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Our online cosmetology, barber, esthetician and nail technician practice exams are designed to help students, graduates; apprentices in an apprenticeship; professional stylists, technicians and specialists moving to a new state in the United States & those who need a refresher course in the written theory to prepare for the california state board licensing exam. Once you have Total Access to our testing service, you will be able to practice from any one or all of the tests for as many attempts as you need. Questions are randomized every time you re-start an exam to practice over and over. And Total Access does not expire. Free samples of our exam service are available in the above links to try as many times as you like.
To assist in increasing your knowledge in subjects you might struggle in, take any of our Focus Exams included in Total Access. These exams focus on the indicated subject matter and the subjects here will be above and beyond the requirements in the california state board exam. They will not be timed, and will show you whether you have chosen the correct answer or the incorrect answer immediately. If you choose an incorrect answer, in one of these exams, you will be able to view the correct answer immediately. Each test will randomize the questions and answers when it is re-taken.
The Grand Exams have 500 questions each. The Grand Exams are not timed. Passing one of these exams not only increases your memory and knowledge, but your confidence as well. If you ever had any doubts in your ability to pass a written theroy state board exam - you can overcome those doubts by passing at least one of the Grand Exams. You will be able to review the outline of the exam as you take it, and also review the entire test once you have completed it. These are all available to you through the purchased Total Access page.
We strongly recommend you take one of the 5 Timed Exams. These were developed to simulate a state board exam as much as possible. Nobody knows what the exact questions will be on your written state board exam - so it is imperative to study all of your subjects and make good use of the different types of tests available to you here. The purpose of the timed exams is to simulate the pressure of completing the state board exam accurately and in plenty of time. You will not be able to view whether your answers were correct or incorrect until you have completed the entire test. Once the exam is complete you will see your statistics: How long it took to complete, the number of questions you answered correctly and whether you passed or failed. At that time, you can review all of your answers.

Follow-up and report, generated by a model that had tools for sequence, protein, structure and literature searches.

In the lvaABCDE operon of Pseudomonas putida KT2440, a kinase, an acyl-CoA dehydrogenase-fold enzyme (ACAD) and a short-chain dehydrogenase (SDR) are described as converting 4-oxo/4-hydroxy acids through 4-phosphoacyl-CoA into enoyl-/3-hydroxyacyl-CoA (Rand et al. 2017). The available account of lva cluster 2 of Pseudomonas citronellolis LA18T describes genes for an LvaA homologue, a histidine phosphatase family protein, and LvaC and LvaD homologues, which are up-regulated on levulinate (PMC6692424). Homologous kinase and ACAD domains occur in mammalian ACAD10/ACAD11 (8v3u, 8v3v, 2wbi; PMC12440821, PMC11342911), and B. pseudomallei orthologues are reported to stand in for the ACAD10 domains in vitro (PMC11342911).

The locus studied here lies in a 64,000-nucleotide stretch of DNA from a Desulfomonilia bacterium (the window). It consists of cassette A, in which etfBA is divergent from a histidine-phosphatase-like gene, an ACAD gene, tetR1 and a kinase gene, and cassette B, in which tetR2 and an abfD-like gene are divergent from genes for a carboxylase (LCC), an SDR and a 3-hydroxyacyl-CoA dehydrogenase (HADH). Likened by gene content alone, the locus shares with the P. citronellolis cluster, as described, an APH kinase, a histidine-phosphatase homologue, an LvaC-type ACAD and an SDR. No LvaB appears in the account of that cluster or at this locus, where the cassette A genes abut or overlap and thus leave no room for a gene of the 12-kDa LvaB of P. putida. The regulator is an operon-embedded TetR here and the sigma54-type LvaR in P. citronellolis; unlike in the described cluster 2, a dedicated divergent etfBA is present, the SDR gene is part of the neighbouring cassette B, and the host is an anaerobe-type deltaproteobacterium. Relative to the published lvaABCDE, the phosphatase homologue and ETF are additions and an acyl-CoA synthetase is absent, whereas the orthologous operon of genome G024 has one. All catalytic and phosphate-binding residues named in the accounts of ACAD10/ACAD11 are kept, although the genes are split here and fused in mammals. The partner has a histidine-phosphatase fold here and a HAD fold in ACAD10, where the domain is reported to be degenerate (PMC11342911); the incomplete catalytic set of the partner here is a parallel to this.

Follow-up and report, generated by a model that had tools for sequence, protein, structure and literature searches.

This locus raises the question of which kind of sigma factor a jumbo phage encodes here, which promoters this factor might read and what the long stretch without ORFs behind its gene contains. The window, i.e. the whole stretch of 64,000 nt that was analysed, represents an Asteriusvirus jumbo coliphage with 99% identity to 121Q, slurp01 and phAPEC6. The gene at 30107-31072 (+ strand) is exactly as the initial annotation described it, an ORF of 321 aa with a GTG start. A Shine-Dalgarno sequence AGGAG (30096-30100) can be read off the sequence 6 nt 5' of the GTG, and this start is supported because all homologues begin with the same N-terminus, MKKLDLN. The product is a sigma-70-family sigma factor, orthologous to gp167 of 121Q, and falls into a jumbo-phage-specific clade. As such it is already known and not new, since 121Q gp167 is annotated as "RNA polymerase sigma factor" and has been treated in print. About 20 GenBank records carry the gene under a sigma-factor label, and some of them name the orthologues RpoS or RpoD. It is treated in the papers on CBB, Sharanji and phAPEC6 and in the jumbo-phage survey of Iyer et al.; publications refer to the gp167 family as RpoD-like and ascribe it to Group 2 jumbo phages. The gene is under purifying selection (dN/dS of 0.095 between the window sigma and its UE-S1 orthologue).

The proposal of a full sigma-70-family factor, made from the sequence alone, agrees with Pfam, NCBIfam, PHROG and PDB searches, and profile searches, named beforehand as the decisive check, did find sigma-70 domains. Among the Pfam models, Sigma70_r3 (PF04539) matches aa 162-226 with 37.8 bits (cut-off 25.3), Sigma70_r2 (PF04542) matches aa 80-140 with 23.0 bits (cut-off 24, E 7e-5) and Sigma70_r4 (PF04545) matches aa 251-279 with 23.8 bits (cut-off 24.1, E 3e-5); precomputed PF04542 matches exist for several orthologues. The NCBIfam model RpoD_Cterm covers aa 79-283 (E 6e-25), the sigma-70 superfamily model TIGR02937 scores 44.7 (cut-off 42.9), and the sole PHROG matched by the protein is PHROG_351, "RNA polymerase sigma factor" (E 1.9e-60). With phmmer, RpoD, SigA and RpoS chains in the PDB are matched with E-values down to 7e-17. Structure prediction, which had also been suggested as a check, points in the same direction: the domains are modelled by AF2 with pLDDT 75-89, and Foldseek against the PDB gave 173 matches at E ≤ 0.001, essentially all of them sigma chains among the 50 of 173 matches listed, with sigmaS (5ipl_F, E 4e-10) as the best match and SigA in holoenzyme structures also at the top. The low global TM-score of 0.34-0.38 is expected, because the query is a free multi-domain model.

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(1) Is your college accredited?
(1) Why you should ask this question: Accredited colleges follow high standards and keep track of important statistics such as how many students pass their state board exams; how many of their students actually finish college; and how many students get jobs within 6 months after graduating.
(2) How many students who complete your course pass the State Licensure exam?
(2) Why you should ask this question: A high percentage would mean that the college in question will focus on helping you not only to graduate, but to pass the licensure exam in your state as well.
(3) How many of your graduates who pass their Licensure exam obtain employment?
(3) Why you should ask this question: Many cosmetology colleges don't place individuals with an employer. However, if it is an accredited college, they still have to keep statistics on how many graduates find employment. A high average indicates that the college in question has a great reputation among employers in the area. A high average would also indicate that graduates were trained well in interviewing and people skills.
(4) What are your enrollment requirements?
(4) Why you should ask this question: There may be different enrollment and entrance requirements for many schools. Some will require that you have your high school diploma or GED, while others will require that you have completed a certain amount of your high school education. Some colleges will require an enrollment fee up front, while others will not. Even if you have all ready made up your mind as to which college to attend it is good to have a list of these requirements so that you will be prepared on the date of your enrollment.
(5) Can I come for a tour of your college?
(5) Why you should ask this question: You can find out many things over the telephone about a college. But don't make up your mind until you have toured 2 or 3 colleges that you have narrowed your choices down to. A simple 10 to 20 minute visit will give you knowledge a telephone conversation could never offer. Such as: is the college in a good location (easy access, crime rate, etc) Do the students there look busy - content - professional - ethnically diverse? Is there a display of the books you'll be studying, and equipment you'll be using? How old or new is the facility and equipment? Is the clinic floor busy with customers? As you can see, this list could go on and on. The visual information you will acquire on a tour is incredibly valuable. A tour could change your mind.